Angela Rayner has tackled Boris Johnson over a “collapsing” Covid test regime and a wider crisis in the care sector, using a prime minister’s questions where she stood in for Keir Starmer to accuse Johnson of refusing to take responsibility for his failings.
In her first question, the Labour deputy leader, who was a care worker before becoming an MP, challenged Johnson to cite the average hourly wage for care staff, a request the prime minister ignored.
Rayner also used the example of Starmer, who was forced to self-isolate after one of his children needed testing for Covid-19, to condemn the government over current delays many people face in getting a test.
Rayner said, to laughter from other Labour MPs, that she had received a message “from a man called Keir”. She went on: “Keir wasn’t able to go to work today, and his children couldn’t go to school, because his family had to wait for their coronavirus test results, despite the prime minister’s promise of results within 24 hours.
“Keir was able to do the right thing and self-isolate, and work from home. But other people aren’t in this position. Many of them are the very people who are getting us through this crisis.”
Citing the need for tests for people such as care workers, Rayner said: “The prime minister once earned £2,300 an hour. So can the prime minister tell us: what is the average hourly rate of a care worker in this country?”
Johnson responded by saying he did not know why Starmer was not in the Commons – half an hour before PMQs the Labour leader tweeted that the Covid test had come back negative – and said 89% of those who have in-person tests get the results the next day.
The prime minister said: “Most people looking at the record of this country delivering tests will see that it actually compares extremely well with any other European country. We’ve conducted more tests than any other European country.”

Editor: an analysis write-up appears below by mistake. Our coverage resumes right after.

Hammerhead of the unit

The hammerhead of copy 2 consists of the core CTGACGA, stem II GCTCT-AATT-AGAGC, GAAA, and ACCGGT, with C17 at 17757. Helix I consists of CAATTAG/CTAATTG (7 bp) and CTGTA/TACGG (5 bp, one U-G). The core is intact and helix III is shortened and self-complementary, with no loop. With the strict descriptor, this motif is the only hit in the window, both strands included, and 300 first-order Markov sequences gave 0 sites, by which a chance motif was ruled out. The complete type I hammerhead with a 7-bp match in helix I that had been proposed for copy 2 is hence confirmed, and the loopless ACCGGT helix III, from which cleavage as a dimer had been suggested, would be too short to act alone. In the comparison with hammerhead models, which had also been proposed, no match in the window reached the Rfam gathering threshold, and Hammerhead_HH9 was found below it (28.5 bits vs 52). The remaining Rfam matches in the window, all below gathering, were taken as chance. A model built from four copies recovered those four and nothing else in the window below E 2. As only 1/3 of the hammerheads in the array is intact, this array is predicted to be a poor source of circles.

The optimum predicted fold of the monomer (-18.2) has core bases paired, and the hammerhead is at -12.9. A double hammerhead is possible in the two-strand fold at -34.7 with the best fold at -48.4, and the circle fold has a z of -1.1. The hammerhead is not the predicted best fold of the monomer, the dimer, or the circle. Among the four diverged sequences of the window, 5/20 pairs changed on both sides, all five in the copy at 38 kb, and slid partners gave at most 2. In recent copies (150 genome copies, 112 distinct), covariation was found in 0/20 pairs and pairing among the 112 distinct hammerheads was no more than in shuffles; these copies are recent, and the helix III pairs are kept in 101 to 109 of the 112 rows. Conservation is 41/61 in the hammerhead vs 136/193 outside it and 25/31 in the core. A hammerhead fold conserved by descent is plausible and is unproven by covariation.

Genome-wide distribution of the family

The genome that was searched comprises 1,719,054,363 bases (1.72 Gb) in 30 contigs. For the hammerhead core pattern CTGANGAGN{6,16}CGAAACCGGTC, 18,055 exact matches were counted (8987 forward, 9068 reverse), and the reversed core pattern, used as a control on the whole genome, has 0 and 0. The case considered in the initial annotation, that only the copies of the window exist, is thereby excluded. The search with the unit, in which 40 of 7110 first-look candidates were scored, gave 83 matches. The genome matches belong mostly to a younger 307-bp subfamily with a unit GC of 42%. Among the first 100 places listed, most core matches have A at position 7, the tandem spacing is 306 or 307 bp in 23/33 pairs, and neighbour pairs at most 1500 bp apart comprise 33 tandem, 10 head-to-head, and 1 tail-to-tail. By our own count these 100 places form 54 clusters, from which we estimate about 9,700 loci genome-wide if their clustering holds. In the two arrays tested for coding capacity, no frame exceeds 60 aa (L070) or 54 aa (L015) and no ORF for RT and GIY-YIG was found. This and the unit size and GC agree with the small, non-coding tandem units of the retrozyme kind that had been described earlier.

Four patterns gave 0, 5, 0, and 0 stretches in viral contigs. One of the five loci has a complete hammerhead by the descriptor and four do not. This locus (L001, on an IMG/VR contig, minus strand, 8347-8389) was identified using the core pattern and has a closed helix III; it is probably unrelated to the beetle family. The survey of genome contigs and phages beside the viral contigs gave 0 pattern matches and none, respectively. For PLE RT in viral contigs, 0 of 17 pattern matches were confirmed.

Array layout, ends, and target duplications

He then spoke about government plans for care homes, and the importance of the national living wage, but did not attempt to respond about the average wage.
Rayner said in response: “The whole country would have seen that the prime minister doesn’t know how much a care worker earns, because that was my question.” It was, she said, “barely more than £8 an hour”.
Labour’s deputy leader pressed Johnson on when he would present his promised plan for reforming social care, saying he needed to “get some skates on it” in preparing the care sector for the winter.
On testing, she contrasted the government’s plan for the near-instant testing of millions of people a day with the current situation, where many people even in infection hotspots have been unable to get tests this week.
“The prime minister has put his faith in Operation Moonshot. But, meanwhile on Planet Earth, there were no NHS tests available for several high-infection areas,” Rayner said.
Johnson said the issue was one of increased demand: “She’s right to express the frustration of people across this country about the massive demand there is now for tests, and it has hugely increased. Everybody can see just in the last few days a colossal spike in the number of people who want tests.”
Replying to another question on the issue, the PM said the UK was testing more people relative to the size of the population than Germany, Spain and France: “In other words, we are delivering exactly what we said we would do. What is happening is that the British people, quite understandably, are responding to that system with a huge, huge surge in demand, and so it’s very important that everybody follows the guidance about when they should be getting a test.”
Rayner said Johnson was trying to evade responsibility: “Infections are rising, the testing system is collapsing. When you are the prime minister, you can’t keep trying to blame other people for your incompetence. We have the highest death toll in Europe, and we’re on course for one of the worst recessions in the developed world.
“This winter we are staring down the barrel of a second wave, with no plan for the looming crisis.”
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